January 16, 2014
By Elizabeth A Tennyson
The Transportation Security Administration (TSA) has issued a new Aircraft Repair Station Security rule that reflects the key concerns raised by AOPA as far back as 2009 and clears the way for the FAA to begin certifying repair stations based outside the United States after a five-year freeze.
The long-awaited rule will take effect Feb. 27 and is designed to prevent large aircraft—those weighing more than 12,500 pounds—that are capable of flight from unauthorized operation while at a repair station. Among other provisions, the TSA will require repair stations to designate a point of contact who is responsible for carrying out the rule’s provisions, protect large aircraft that are capable of flight from unauthorized use when they are left unattended, and verify basic background information about certain employees, including the designated point of contact and anyone with access to keys or other methods used for securing the aircraft.
Repair stations will also be required to allow TSA or Department of Homeland Security personnel to inspect their operations and review records. Repair stations that violate the security requirements will lose their certificates.
“This rule will have a minimal effect on most general aviation operators, but it does take a risk-based approach to security and that sets a good precedent for managing other security issues that may arise in the future,” said Thomas Zecha, AOPA manager of aviation security. “We have been encouraging TSA to recognize that one-size does not fit all when it comes to security, and this rule reflects that.”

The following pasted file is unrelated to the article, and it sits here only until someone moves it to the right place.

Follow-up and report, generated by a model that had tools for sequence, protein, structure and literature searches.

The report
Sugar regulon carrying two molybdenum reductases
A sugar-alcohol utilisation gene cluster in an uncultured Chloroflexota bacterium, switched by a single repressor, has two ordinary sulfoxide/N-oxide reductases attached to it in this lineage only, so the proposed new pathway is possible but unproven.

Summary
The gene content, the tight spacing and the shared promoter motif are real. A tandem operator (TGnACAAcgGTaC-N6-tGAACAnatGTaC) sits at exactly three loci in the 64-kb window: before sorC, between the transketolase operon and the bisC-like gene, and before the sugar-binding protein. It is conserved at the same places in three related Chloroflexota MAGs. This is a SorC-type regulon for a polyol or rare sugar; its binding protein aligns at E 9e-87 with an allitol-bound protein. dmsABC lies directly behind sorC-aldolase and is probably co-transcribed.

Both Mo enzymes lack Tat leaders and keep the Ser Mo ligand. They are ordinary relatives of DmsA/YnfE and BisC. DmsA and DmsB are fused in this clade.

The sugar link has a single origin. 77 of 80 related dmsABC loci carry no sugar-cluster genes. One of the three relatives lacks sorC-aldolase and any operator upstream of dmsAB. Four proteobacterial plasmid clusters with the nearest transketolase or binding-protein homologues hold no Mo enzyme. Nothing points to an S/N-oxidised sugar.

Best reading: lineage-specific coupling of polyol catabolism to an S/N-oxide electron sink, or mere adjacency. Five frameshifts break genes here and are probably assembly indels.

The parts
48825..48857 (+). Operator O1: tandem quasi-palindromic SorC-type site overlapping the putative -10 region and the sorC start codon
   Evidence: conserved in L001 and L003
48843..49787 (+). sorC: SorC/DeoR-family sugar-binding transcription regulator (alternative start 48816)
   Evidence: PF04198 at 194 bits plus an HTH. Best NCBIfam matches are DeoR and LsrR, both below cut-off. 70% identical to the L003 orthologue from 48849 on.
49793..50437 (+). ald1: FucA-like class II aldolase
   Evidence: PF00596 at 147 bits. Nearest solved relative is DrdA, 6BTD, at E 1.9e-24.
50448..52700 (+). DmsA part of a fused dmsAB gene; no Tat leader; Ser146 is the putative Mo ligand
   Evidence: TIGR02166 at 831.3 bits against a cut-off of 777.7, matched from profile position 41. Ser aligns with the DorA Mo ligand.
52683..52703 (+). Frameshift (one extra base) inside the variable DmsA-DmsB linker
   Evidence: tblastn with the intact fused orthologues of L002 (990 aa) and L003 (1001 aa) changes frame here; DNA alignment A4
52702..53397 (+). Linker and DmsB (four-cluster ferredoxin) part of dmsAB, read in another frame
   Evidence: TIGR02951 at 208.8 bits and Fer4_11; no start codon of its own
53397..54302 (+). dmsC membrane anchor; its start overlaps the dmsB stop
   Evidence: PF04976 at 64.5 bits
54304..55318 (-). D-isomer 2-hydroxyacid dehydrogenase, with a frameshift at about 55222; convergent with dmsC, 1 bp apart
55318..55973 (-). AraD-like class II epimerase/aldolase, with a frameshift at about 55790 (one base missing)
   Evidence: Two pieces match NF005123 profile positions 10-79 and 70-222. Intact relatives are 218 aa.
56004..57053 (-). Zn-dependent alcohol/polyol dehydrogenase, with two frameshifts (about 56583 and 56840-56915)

As far back as 2009, AOPA filed comments on the rule expressing concerns over provisions that would have severely restricted access to repair stations, required them to submit profile data to the TSA, and imposed other costly burdens on repair station operators and the airports where they are based. The final rule eliminates those provisions.
Publication of the rule also allows the FAA to begin certifying foreign repair stations, something the agency has been unable to do for the past five years, resulting in a backlog of more than 90 applications.
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